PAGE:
Boston Sci to buy prostate device firm NxThera in $400M deal 

The Rezūm training simulator (NxThera)

Boston Scientific has struck a $406 million deal to buy NxThera and its treatment for benign prostatic hyperplasia (BPH). The takeover will bolster Boston Scientific’s urology business through the addition of a minimally invasive, radiofrequency-based way of destroying obstructive prostate tissue.

NxThera secured FDA approval for the device, Rezūm, in 2015 and went on to reel in $40 million from Boston Scientific and others to market the product. That gave Boston Scientific a front-row seat on the progress NxThera has made in persuading payers to cover its device, which works by delivering steam to the tissue that causes BPH. When the steam turns back into water, it releases energy that kills the cells, clearing the blockage that characterizes BPH and affects urination. 

Boston Scientific is paying $306 million upfront in cash and committing up to $100 million more in milestones over the next four years to acquire NxThera. Those figures cover 100% of the company. Once the portion of NxThera already owned by Boston Scientific is removed from the equation, the figures fall to around $240 million and $85 million.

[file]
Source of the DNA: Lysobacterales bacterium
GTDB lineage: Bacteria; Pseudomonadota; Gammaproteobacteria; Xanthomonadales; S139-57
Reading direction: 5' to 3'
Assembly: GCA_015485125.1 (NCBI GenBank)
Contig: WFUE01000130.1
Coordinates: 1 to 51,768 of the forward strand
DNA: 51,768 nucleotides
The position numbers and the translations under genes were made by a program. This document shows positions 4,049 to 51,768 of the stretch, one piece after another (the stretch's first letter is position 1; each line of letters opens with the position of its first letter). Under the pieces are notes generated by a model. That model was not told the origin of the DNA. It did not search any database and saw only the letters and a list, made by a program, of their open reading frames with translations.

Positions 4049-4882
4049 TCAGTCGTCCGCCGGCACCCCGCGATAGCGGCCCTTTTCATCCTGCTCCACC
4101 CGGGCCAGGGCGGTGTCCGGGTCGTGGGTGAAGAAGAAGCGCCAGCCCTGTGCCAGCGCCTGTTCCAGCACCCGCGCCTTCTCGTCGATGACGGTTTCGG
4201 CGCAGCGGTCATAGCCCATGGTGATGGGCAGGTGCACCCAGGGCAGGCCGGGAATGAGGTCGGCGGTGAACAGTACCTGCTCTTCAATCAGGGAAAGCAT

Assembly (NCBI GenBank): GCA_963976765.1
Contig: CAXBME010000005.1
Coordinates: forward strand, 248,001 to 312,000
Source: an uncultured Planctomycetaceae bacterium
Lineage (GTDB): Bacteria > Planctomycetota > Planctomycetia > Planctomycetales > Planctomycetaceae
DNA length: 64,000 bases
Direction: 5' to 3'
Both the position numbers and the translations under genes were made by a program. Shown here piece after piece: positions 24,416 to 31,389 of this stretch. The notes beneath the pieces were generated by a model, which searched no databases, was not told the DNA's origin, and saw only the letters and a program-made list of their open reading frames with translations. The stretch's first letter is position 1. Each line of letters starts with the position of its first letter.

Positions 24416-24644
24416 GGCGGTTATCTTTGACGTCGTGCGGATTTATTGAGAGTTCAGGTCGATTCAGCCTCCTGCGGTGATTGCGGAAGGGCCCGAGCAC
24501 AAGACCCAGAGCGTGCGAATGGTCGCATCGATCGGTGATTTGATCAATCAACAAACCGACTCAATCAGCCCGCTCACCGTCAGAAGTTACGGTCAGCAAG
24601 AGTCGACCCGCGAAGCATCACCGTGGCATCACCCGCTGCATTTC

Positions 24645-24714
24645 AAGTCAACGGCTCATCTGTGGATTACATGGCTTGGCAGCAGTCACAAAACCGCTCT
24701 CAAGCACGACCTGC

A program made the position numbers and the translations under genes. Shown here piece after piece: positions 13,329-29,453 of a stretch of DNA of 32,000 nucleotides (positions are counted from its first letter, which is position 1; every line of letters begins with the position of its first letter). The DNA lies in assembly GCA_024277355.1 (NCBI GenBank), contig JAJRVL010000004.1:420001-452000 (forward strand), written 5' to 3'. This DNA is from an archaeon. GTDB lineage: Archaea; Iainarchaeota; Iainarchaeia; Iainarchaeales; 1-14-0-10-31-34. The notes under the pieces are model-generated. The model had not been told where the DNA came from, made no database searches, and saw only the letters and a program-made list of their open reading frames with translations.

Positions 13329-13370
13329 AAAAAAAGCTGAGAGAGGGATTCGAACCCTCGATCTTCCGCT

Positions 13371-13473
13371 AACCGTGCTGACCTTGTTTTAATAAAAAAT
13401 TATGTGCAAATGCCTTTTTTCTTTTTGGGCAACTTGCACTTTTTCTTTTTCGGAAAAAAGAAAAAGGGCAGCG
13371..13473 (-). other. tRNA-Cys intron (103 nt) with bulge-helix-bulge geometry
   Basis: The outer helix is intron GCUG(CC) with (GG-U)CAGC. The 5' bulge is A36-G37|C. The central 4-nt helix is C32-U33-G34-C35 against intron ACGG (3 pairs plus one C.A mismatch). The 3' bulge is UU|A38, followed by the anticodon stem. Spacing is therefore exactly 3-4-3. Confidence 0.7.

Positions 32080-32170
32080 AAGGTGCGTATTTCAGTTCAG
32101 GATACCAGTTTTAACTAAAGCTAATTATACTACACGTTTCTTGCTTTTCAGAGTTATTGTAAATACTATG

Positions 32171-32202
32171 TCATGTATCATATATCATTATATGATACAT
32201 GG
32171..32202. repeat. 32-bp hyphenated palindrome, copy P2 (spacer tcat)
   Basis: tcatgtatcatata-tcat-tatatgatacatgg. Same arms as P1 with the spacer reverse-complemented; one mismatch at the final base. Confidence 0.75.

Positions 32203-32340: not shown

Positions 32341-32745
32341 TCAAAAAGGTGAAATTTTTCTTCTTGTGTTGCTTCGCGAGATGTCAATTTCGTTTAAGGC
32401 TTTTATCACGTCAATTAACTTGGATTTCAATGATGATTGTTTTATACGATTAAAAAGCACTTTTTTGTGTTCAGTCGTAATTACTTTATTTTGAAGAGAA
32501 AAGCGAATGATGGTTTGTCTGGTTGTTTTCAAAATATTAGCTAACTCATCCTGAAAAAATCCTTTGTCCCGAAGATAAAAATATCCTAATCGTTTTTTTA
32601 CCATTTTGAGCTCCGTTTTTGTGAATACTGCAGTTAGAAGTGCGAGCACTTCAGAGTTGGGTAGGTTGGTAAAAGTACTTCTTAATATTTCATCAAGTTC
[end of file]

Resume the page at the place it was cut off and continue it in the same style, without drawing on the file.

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NxThera raised just north of $100 million across five rounds during its decade as an independent firm, suggesting investors will receive a tidy return on their outlays. CEO Bob Paulson thinks the deal makes sense for NxThera from a business perspective, too. 

“[Boston Scientific] can help expand access at a much more rapid pace than we can, just because they are a large company,” the NxThera CEO told the Star Tribune. “This is a global health condition that affects men everywhere. We’ve only begun to scratch the surface … outside the U.S. In many other countries, the only options are drugs or surgery.”

What, if any, role Paulson and the rest of the NxThera team play in realizing the potential of Rezūm is unclear. Some of the staff will likely be involved in a startup that is spinning out of NxThera to take a prostate cancer device to market, the Minneapolis/St. Paul Business Journal reports. But the only name definitely attached to that new venture is NxThera co-founder Michael Hoey, who will take on the role of CTO.